What do you mean “up north”?

I will never forget the conversation that I had with a friend while living in Texas during college.  We were talking about what things were like at home, what we did for fun, etc., and I mentioned that on the weekends, we often go up north.  “Up north???” she exclaimed.  “But you live in Michigan! How much more north can you go???”

With Labor Day–the unofficial end of summer–upon us, I would guess that a great number of people are heading out for one more weekend of fun and relaxation before the early mornings and late nights of the school year take over the schedule. For those of us here in southern Michigan,  this often means a trek up I-75 to some familiar turn-off that leads to a beloved piece of heaven nestled on a lake or in the woods, filled with the memories of vacations past and the hope of adventures to come.

My family loves our vacation time, so I wanted to share a list of five of our favorite places (in no particular order) to visit in our corner of “up north”:

  1. AuSable River, Oscoda:  You can canoe, kayak, or tube down the river, or just walk down to swim or hunt for river treasures.  We’ve also found some great geocaches along the way!  We love to rent from Oscoda Canoe–always a fun and friendly group.

2.  Lumberman’s Monument and Iargo Springs:  About 17 miles straight west of Oscoda you’ll find these two hidden gems.  I should qualify this by saying you have to like stairs. Lots of them.  I find it worth the work for the beautiful views, but even if stairs aren’t an option for you, the Lumberman’s Monument (part of the National Forest Service) is still a great place to walk the grounds, check out the visitors center, and learn about the history of the lumbering industry in Michigan.

3.  Great Lakes Maritime Heritage Center, Alpena:  This is always on the kids’ must-do list.  What better way to spend a cool or rainy day than learning about ships that have sailed the Great Lakes, particularly those that never reached their destination?  Admission is free, however donations are accepted.  Explore a replica of a Great Lakes schooner, complete with rough seas and a thunderstorm, as well as many more exhibits that give you a new respect for the sailors who lived and worked on the lakes.

4.  The Presque Isle Lighthouses:  Situated just a few miles away from each other, you can purchase a combo ticket and visit both lighthouses, including the keepers’ homes and climb to the top.  There are beautiful grounds to walk at each–and one of our favorite picnic spots down the road behind the New Presque Isle Light.  The staff at both facilities (often volunteers) are very knowledgeable about the lights, including the history and the reported hauntings (something my 11-year-old always has questions about).  When you’re visiting, be sure to grab a locally-produced Shipwreck Soda–they come in a variety of flavors, and each flavor’s bottle tells the story of a different Great Lakes shipwreck.  However, there is one that highlights a ship that is still in use–and I’ve talked with locals won’t drink that one, out of superstition. (I have to agree with that one!)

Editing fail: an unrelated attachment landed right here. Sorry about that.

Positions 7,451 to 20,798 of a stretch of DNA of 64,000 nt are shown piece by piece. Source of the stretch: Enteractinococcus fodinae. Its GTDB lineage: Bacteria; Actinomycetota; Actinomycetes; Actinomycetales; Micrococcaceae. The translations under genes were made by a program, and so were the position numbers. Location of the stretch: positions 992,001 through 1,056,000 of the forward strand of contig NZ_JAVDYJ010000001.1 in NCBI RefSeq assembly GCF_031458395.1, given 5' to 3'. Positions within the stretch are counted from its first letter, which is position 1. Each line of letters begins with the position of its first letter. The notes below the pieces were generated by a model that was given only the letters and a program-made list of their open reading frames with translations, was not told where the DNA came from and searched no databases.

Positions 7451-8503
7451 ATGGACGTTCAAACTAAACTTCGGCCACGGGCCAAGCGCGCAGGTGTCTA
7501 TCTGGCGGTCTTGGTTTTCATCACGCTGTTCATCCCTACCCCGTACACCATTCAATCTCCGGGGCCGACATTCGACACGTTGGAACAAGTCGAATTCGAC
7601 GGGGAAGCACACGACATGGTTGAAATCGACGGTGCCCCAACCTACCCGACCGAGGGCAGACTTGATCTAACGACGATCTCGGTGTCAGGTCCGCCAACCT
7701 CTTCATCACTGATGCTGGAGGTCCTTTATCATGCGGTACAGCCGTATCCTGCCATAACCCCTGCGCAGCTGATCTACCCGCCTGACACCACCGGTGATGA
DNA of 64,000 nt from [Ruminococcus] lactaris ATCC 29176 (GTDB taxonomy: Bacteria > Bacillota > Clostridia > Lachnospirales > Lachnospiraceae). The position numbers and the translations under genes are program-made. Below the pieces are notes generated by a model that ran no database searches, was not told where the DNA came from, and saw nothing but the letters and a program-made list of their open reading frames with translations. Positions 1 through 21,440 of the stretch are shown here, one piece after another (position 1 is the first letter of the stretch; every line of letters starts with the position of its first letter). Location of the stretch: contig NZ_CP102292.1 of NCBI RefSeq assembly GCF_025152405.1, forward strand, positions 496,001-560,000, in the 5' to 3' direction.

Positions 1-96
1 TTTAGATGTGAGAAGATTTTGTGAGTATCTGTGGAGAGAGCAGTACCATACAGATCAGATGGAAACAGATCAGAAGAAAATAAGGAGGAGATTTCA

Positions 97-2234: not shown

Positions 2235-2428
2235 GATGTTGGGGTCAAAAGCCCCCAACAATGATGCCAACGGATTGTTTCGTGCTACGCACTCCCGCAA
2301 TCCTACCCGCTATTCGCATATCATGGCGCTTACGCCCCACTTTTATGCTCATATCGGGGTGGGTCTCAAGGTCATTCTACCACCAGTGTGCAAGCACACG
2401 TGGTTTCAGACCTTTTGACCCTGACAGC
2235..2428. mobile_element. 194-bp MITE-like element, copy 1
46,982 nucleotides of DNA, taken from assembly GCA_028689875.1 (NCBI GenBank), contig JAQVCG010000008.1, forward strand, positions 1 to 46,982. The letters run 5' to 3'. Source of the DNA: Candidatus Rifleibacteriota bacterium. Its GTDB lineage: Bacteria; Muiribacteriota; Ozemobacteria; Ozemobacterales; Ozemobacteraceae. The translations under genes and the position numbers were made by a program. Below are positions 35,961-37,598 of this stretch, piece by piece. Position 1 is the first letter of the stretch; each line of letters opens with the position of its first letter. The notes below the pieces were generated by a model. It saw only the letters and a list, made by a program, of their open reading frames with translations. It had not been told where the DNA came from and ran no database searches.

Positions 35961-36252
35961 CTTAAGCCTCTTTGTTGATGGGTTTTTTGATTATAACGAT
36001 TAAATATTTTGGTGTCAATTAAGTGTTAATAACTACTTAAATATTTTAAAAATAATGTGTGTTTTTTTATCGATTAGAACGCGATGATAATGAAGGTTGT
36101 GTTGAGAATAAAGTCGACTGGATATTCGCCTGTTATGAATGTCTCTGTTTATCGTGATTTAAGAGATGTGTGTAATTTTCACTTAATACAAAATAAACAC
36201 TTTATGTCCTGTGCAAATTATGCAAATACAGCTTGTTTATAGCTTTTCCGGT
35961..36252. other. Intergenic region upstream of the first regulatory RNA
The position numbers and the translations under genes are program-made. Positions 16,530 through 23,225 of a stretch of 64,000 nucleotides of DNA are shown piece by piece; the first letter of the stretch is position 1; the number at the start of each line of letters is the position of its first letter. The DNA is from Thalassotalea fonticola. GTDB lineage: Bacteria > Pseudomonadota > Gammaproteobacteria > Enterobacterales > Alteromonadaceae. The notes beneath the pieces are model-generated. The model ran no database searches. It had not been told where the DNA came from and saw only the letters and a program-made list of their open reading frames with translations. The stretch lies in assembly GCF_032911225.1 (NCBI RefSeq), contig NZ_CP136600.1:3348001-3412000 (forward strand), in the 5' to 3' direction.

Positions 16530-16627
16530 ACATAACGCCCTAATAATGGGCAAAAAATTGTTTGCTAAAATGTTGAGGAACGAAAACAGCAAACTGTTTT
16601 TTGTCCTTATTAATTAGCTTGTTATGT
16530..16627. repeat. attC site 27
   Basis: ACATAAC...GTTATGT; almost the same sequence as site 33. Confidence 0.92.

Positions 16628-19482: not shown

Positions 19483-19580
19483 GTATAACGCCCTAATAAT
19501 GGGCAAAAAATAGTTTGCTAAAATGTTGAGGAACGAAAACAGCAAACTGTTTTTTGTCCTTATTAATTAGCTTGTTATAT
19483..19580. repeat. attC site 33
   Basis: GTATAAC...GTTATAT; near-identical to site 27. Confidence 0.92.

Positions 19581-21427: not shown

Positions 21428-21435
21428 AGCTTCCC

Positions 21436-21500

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5.  Ocqueoc Falls:  I first heard of this park while searching for waterfalls to visit in our vacation area.  What caught my attention, particularly as a physical therapist, was this YouTube video, highlighting it as the “only universally accessible waterfall in the United States.”  I have to say, it did not disappoint!  There are smooth, wide pathways from the parking lot to the falls area, and along the riverside as well.  My kids absolutely love that it’s shallow enough to play in, and you’ll usually see a line of kids taking turns jumping over the edge into a “just deep enough” area.  (In fact, this year my husband tried it and discovered that there’s a reason that just the kids were jumping–apparently adults will “bottom out”!  But perfect for the kids.)  Ocqueoc also has beautiful picnic areas, and plenty of hiking trails to enjoy.  It is part of the Michigan DNR’s state park system, so a recreation passport or day pass will be required for entry.

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I hope that you whether this weekend takes you up north, down south, anywhere in between, or just to your own backyard, you enjoy a peaceful and restful end of summer, and return refreshed and ready to take on the next season in the year and in life!

Out with the old